"They are free, they are gone," Johnny Williams, the town manager, said in a telephone interview. "Last night, the winds shifted from the north. The ice cracked and with the new moon, the ice went. We have open waters on the coastline of Hudson Bay."
He said the whales' escape was a huge relief for Inukjuak. Over the last few days, 80 people at a time had gone out on the ice to watch the whales. "We were all trying to find out how we can save them," he said. "We observed the wind, the moon, everything."
The whales' escape was cause for celebration elsewhere in Canada, where there had been a desperate campaign to push the government to send in ice-breaking ships to crack open the ice and help the animals find open water.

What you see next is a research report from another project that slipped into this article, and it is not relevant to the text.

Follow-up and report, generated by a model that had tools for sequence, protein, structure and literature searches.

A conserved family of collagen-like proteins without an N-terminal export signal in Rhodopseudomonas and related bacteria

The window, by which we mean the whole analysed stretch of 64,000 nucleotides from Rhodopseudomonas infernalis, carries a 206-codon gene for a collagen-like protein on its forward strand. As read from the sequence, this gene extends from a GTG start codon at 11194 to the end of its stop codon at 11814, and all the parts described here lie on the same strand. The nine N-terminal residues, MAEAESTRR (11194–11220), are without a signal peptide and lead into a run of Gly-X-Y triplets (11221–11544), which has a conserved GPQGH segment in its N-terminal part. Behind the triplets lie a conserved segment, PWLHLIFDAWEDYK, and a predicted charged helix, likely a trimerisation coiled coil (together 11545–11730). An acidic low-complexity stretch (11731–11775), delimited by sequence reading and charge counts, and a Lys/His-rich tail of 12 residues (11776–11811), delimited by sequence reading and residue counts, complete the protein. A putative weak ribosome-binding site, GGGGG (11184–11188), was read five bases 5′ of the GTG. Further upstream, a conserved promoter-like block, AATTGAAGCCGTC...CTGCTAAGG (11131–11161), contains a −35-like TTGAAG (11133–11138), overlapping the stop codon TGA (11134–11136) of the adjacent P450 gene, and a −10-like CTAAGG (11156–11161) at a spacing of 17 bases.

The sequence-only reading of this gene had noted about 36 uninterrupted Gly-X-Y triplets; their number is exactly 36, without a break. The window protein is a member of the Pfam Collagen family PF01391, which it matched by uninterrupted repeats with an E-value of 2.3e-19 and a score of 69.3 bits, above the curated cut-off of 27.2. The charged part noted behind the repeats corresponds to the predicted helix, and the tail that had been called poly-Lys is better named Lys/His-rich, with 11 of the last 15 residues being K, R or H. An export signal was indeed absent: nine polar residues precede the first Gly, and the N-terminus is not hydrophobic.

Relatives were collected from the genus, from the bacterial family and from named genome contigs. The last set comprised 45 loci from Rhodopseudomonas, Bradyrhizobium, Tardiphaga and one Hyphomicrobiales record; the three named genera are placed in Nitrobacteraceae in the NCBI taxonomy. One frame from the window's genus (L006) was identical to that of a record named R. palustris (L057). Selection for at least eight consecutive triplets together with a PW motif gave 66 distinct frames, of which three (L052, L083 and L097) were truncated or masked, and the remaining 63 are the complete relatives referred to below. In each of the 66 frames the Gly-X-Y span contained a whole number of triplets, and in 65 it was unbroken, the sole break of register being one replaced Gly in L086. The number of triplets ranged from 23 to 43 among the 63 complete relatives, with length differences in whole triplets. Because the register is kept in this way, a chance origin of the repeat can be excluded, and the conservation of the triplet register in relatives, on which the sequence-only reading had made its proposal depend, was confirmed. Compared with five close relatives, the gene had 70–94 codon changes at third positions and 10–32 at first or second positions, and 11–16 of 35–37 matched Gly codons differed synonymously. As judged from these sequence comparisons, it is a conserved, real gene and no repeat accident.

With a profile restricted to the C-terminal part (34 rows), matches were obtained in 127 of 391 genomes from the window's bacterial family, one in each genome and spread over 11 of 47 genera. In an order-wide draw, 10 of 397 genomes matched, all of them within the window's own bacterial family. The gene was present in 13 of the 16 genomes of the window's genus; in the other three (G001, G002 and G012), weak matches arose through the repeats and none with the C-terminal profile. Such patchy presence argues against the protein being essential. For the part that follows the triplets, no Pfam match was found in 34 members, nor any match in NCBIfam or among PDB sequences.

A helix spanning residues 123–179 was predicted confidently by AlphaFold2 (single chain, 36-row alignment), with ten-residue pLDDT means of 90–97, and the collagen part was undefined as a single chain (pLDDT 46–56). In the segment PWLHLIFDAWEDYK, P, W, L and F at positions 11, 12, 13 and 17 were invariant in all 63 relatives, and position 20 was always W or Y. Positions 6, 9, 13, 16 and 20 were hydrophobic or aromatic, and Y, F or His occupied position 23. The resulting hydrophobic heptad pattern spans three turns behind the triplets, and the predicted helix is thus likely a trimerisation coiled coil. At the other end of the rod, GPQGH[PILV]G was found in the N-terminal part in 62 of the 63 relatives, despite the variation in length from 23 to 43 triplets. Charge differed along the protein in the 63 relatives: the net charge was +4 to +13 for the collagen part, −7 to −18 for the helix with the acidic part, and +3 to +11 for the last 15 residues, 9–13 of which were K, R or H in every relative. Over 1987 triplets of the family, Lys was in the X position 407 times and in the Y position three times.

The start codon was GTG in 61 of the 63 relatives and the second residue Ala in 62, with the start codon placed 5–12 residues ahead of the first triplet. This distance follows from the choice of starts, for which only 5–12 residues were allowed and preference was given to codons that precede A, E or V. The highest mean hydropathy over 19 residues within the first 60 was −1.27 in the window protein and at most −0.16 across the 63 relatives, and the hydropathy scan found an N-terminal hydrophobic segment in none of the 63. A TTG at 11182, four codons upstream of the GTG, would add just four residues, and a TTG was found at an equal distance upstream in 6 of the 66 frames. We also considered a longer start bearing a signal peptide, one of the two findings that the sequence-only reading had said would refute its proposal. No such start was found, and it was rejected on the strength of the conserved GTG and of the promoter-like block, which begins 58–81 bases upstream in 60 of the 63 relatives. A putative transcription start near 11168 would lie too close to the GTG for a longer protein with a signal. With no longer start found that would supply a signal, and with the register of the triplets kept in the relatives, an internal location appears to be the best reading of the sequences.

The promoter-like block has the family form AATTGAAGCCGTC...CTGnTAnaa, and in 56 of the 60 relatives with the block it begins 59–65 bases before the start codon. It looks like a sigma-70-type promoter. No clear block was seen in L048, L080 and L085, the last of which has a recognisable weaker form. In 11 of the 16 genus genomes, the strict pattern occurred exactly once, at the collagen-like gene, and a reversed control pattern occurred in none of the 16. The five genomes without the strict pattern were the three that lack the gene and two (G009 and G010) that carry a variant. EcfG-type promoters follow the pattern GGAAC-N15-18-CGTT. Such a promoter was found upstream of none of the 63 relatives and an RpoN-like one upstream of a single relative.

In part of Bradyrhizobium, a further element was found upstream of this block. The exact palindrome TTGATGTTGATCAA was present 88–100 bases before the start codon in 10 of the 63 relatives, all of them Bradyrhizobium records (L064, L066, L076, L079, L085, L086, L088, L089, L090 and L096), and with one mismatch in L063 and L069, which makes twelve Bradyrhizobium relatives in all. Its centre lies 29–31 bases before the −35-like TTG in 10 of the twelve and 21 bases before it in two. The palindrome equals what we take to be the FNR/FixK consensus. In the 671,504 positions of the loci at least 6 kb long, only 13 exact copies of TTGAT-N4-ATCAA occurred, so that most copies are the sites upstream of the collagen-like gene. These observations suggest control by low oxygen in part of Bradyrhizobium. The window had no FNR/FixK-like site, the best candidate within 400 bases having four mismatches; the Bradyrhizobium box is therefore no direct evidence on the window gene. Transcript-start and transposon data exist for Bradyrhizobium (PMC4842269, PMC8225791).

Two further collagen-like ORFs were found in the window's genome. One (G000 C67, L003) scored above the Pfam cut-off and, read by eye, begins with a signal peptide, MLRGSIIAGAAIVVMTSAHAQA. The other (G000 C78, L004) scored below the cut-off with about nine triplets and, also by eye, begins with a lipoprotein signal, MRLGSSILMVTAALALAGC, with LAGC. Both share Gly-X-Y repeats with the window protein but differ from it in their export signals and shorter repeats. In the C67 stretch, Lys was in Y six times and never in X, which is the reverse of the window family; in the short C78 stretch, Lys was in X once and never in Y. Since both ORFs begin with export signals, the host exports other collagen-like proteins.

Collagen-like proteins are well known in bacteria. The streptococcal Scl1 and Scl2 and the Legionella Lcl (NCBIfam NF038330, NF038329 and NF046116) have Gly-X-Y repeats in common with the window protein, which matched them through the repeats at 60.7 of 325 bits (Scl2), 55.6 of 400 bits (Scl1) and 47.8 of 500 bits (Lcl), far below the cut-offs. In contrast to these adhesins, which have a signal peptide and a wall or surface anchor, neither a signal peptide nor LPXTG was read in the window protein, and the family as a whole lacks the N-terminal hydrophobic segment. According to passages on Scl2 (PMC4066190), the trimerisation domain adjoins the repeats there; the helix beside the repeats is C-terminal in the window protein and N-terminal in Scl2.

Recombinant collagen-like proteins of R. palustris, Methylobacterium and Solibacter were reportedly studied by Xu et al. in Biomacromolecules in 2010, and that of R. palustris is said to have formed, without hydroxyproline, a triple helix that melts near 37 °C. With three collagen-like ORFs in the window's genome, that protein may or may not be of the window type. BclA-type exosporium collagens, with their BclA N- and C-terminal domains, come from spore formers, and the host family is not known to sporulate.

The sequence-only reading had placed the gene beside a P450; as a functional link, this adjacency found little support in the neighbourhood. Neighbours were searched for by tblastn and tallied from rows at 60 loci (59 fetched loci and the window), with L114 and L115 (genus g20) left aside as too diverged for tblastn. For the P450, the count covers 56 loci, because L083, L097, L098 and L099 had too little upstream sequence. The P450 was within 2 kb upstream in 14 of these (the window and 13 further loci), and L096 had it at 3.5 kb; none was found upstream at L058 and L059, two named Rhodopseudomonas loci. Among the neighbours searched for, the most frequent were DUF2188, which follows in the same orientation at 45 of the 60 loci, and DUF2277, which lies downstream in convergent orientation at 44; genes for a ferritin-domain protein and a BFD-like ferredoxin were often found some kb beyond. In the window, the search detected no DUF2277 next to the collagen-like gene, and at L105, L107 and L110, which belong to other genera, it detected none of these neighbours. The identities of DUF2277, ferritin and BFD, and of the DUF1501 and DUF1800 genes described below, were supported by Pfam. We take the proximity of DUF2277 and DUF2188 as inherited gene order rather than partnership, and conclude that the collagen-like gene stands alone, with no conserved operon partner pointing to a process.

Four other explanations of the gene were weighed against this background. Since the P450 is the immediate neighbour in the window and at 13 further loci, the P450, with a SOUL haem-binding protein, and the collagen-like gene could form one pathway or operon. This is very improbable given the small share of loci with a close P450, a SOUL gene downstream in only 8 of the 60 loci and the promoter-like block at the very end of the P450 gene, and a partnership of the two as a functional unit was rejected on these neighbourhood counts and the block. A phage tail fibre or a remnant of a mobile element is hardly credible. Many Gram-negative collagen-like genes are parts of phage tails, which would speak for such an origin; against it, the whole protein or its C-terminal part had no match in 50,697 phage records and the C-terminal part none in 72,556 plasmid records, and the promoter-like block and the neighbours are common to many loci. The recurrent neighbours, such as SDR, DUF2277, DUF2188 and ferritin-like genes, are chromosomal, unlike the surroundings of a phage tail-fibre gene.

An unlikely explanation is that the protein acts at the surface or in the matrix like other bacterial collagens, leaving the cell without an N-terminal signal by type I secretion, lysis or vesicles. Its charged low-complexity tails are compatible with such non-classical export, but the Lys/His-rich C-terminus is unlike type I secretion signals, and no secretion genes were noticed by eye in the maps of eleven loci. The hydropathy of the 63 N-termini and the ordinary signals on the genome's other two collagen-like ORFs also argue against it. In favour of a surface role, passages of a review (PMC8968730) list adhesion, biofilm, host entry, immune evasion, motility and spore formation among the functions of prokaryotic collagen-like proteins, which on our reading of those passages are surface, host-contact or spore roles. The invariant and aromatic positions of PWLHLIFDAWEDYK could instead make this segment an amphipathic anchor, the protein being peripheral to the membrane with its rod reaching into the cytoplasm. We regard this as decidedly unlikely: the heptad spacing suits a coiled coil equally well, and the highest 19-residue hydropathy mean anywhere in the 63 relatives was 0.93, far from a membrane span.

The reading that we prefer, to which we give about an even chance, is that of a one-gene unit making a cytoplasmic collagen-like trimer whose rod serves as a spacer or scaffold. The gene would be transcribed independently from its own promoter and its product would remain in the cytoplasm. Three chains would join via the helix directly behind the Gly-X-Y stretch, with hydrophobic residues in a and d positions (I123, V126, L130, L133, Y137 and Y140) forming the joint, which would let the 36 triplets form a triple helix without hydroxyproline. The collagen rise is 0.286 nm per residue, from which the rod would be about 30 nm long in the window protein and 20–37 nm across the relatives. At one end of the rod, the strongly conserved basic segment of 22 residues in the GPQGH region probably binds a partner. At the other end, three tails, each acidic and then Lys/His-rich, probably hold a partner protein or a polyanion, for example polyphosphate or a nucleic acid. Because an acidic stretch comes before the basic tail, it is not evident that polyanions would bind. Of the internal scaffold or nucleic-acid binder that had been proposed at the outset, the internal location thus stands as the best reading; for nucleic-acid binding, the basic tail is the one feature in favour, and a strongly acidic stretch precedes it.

Stranding of killer whales in Arctic ice is relatively unheard of. Williams, who is 69, said in his lifetime he had only ever seen two or three carcasses of orcas before this week.
But marine biologists say killer whales are moving into the Arctic in greater numbers over the last decade as the sea ice retreats due to climate change.
Orcas face no natural predators in the Arctic, putting them at the top of the food chain.